- Associated Press - Friday, January 18, 2013

RICHMOND — Gun control advocates on Friday briefly savored a rare — if modest — victory in their quest to close Virginia’s so-called “gun show loophole,” which allows private sales of firearms without a criminal background check.

The Senate Courts of Justice Committee voted 8-6 to endorse legislation restricting gun sales at the shows to licensed dealers, who already are required to run a background check on buyers through the Virginia State Police. The panel reconvened on the Senate floor about an hour later, reconsidered the earlier vote and put the bill back on its agenda for next week.

As introduced, the bill by Democratic Sen. Henry Marsh of Richmond was virtually identical to one that has been repeatedly killed the in last several years. It would have required all gun show vendors, including individuals, to run the background checks.

After it became clear the bill was going to meet its usual fate, Democratic Sen. A. Donald McEachin of Henrico County suggested a slightly different approach: restricting gun shows to licensed dealers. Private sellers could place their wares on consignment with dealers, ensuring that background checks are done for all transactions. The bill was amended to make those changes.

But Sen. Bill Stanley of Franklin County, one of two Republicans who voted for the measure, had second thoughts after seeing the final written version and asked for the reconsideration. He told committee members the language was “so flawed and so vague” that he feared it would just cause problems.

Mr. Stanley told reporters outside the Senate chamber that he was not pressured by gun-rights activists who opposed the bill.

Gun control advocate Lori Haas, whose daughter Emily was wounded in the 2007 Virginia Tech shootings, watched from the Senate gallery as the committee changed course.

“I feel like I hit the banana peel but haven’t quite hit the ground,” Ms. Haas said.

She said she believed Mr. Stanley’s concerns were genuine but added that “the other side of this issue is trying desperately to unravel” a possible compromise.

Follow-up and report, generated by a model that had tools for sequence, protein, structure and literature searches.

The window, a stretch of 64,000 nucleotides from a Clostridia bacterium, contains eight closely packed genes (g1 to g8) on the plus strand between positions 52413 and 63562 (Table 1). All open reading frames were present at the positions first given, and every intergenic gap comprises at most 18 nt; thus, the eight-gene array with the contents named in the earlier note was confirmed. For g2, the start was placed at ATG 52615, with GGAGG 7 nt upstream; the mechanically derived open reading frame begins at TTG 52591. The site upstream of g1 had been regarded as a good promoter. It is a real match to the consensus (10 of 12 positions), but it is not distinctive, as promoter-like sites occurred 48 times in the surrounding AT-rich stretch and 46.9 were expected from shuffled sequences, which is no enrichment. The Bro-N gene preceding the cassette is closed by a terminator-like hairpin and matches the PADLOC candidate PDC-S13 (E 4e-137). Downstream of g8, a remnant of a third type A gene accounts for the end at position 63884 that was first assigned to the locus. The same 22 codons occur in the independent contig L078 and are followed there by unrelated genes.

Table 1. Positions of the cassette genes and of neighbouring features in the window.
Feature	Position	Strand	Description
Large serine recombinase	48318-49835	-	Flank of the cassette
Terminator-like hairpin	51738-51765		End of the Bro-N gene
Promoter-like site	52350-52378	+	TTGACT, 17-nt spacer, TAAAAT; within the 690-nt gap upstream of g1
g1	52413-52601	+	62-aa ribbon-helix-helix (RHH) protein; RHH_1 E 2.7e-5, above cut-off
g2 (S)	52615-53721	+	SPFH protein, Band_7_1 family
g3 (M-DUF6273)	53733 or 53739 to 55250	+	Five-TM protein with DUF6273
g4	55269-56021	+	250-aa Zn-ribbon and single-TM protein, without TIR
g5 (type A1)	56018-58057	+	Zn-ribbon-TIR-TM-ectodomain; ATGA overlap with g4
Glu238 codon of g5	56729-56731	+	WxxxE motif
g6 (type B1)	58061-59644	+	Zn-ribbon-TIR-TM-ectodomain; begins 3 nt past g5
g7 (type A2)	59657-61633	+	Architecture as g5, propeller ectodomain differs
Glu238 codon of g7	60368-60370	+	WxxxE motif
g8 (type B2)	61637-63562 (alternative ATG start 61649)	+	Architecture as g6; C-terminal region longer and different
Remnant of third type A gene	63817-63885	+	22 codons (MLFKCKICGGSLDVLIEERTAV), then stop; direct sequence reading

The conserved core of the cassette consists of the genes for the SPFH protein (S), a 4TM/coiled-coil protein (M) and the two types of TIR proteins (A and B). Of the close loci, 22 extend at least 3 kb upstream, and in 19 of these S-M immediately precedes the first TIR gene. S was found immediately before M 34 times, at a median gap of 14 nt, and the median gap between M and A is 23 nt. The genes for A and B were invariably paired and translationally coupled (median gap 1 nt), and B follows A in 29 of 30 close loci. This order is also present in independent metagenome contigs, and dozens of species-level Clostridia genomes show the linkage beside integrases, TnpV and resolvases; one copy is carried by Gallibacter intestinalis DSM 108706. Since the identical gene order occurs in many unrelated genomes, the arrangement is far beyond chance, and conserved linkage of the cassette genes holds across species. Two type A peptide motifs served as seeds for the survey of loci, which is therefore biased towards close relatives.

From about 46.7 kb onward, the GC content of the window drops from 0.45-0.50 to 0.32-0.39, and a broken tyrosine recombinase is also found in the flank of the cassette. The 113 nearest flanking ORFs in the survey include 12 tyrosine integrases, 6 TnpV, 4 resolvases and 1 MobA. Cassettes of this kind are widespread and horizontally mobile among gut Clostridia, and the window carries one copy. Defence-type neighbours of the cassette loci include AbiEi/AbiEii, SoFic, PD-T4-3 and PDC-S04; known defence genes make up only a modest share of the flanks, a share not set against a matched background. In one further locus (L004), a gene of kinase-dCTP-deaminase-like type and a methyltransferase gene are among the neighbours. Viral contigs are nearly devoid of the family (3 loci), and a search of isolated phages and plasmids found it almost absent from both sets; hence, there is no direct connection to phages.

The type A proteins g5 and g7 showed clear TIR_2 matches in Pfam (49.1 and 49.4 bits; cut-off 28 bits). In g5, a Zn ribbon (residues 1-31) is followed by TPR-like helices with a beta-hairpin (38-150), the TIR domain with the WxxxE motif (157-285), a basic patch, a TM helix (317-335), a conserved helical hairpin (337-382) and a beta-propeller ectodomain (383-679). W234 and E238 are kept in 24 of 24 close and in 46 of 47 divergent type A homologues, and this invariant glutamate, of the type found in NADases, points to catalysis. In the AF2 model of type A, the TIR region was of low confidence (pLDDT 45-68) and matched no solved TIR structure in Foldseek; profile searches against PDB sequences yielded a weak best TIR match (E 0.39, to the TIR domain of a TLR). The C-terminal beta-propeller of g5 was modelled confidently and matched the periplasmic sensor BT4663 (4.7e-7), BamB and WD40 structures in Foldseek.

Chuck Cunningham of the National Rifle Association told the committee at the earlier meeting that guns used in crimes rarely are sold at gun shows.

Philip Van Cleave, president of the pro-gun Virginia Citizens Defense League, said allowing individual sales only by consignment is unfair because a dealer would want to sell his own inventory first.

The GOP-dominated committee, voting along party lines, killed several other Democrat-backed gun control measures. Among them were bills to ban the sale of high-capacity ammunition magazines, require universal criminal background checks on gun transactions, limit firearms sales to licensed dealers and repeal a 2002 statute that prohibits localities from passing ordinances banning guns on public property.

The panel also voted 8-6 to kill legislation that would prohibit guns on state Capitol grounds, with an exception for legislators and their employees. Sen. Adam Ebbin, Alexandria Democrat and sponsor of the bill, said he thought including the exception was his only chance for getting the bill passed — but it was that very provision that bothered some committee members.

“I think people will flip out when they find we passed something like this and exempted ourselves,” said Sen. Jill Vogel, Winchester Republican.

The Senate committee’s actions came a day after a House of Delegates committee also rejected several gun control bills, some introduced in response to December’s elementary school massacre in Connecticut. The House panel sent a bill to put at least one armed teacher, employee or volunteer in every public school to Gov. Bob McDonnell’s task force on school safety, which is due to make recommendations for this legislative session.

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